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Getting things done: Inequalities, Internet use and everyday life

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journal contribution
posted on 29.05.2020, 14:38 by Adrian LeguinaAdrian Leguina, John DowneyJohn Downey
The study of mundane, everyday uses of the Internet remains an emerging field of inquiry. Analysing data from a large seven country survey of Internet use and adapting concepts and methods developed by Bourdieu, we show that there are distinct clusters of users who use the Internet in diverse ways to solve everyday problems such as buying a mobile phone or diagnosing an illness. Such everyday problem solving is dependent upon degrees of economic, social, digital and cultural capital, and varies across countries. A comparative methodological strategy combined the use of Multiple Correspondence Analysis, Hierarchical Cluster Analysis, and for the first time in the field, Multiple Factor Analysis for Contingency Tables. Extending the work of Bourdieu and the sociology of class more generally, we argue that digital capital functions as a bridging capital aiding the convertibility of other forms of capital to the benefit of already advantaged groups.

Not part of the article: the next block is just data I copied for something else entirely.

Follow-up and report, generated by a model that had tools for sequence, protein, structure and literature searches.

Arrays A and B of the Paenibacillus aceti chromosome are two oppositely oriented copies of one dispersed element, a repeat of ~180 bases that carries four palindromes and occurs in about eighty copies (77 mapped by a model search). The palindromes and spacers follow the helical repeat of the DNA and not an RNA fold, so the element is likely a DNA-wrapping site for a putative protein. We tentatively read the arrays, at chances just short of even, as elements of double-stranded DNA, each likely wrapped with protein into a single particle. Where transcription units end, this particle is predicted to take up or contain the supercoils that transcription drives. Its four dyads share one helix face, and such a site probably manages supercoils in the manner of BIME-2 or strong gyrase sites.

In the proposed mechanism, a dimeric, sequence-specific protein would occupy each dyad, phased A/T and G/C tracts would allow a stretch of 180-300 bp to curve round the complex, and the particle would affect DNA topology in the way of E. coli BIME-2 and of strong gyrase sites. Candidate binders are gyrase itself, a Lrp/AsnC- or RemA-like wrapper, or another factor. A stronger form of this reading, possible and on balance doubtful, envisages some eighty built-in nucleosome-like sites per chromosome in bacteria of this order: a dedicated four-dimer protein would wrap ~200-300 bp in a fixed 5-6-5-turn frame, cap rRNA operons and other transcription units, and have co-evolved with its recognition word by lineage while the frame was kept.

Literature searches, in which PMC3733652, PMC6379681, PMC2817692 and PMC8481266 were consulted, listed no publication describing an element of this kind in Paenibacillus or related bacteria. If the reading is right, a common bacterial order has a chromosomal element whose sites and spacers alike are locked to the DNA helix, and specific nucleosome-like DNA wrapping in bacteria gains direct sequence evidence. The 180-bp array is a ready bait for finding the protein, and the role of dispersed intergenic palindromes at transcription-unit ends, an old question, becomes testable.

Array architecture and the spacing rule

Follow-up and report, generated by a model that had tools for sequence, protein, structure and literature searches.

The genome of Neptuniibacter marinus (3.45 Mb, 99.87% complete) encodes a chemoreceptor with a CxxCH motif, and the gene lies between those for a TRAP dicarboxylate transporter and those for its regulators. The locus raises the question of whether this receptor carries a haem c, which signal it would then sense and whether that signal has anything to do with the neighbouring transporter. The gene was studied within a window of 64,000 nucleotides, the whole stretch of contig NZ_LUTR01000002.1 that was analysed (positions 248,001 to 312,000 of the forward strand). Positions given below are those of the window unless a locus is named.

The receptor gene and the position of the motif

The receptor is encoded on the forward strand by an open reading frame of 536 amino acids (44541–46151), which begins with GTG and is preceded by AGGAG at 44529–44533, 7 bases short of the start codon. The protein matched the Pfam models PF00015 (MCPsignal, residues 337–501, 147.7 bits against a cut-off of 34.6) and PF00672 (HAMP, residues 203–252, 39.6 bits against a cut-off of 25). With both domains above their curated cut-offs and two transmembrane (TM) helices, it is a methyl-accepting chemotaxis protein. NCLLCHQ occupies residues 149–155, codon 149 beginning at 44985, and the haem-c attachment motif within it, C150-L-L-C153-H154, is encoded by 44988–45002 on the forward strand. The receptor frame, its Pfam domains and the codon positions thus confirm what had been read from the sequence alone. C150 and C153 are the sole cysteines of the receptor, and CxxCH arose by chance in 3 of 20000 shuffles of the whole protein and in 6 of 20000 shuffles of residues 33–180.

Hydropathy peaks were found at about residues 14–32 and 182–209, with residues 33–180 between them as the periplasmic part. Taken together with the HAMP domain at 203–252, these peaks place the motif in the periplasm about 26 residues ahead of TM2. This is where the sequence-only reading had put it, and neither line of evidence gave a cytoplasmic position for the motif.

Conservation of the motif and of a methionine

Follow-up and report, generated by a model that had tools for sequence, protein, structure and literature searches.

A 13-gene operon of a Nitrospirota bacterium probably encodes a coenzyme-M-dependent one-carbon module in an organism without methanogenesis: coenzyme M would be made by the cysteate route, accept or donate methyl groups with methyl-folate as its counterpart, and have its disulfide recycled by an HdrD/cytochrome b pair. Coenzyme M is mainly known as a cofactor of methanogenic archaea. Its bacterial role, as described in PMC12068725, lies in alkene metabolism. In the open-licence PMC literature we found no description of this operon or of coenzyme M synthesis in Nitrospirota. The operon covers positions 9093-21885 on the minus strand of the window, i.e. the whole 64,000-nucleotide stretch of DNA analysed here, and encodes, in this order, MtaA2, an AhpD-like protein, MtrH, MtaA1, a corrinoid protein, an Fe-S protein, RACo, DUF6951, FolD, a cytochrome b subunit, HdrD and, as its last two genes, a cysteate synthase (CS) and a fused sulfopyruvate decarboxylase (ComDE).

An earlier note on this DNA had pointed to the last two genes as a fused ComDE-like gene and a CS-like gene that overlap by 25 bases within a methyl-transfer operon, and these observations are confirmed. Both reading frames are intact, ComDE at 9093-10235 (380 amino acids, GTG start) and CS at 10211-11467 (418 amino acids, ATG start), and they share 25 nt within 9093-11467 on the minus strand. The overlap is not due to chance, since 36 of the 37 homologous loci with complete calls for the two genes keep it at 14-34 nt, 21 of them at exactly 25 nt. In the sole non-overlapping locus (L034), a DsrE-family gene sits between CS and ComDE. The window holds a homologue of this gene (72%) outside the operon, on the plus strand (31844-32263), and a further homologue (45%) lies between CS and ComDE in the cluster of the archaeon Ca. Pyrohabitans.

History

School

  • Social Sciences and Humanities

Department

  • Communication and Media
  • Criminology, Sociology and Social Policy

Published in

New Media and Society

Volume

23

Issue

7

Pages

1824-1849

Publisher

SAGE Publications

Version

VoR (Version of Record)

Rights holder

© The authors

Publisher statement

This is an Open Access Article. It is published by SAGE under the Creative Commons Attribution 4.0 International Licence (CC BY 4.0). Full details of this licence are available at: https://creativecommons.org/licenses/by/4.0/

Acceptance date

01/05/2020

Publication date

2021-07-27

Copyright date

2021

ISSN

1461-4448

eISSN

1461-7315

Language

en

Depositor

Dr Adrian Leguina Deposit date: 28 May 2020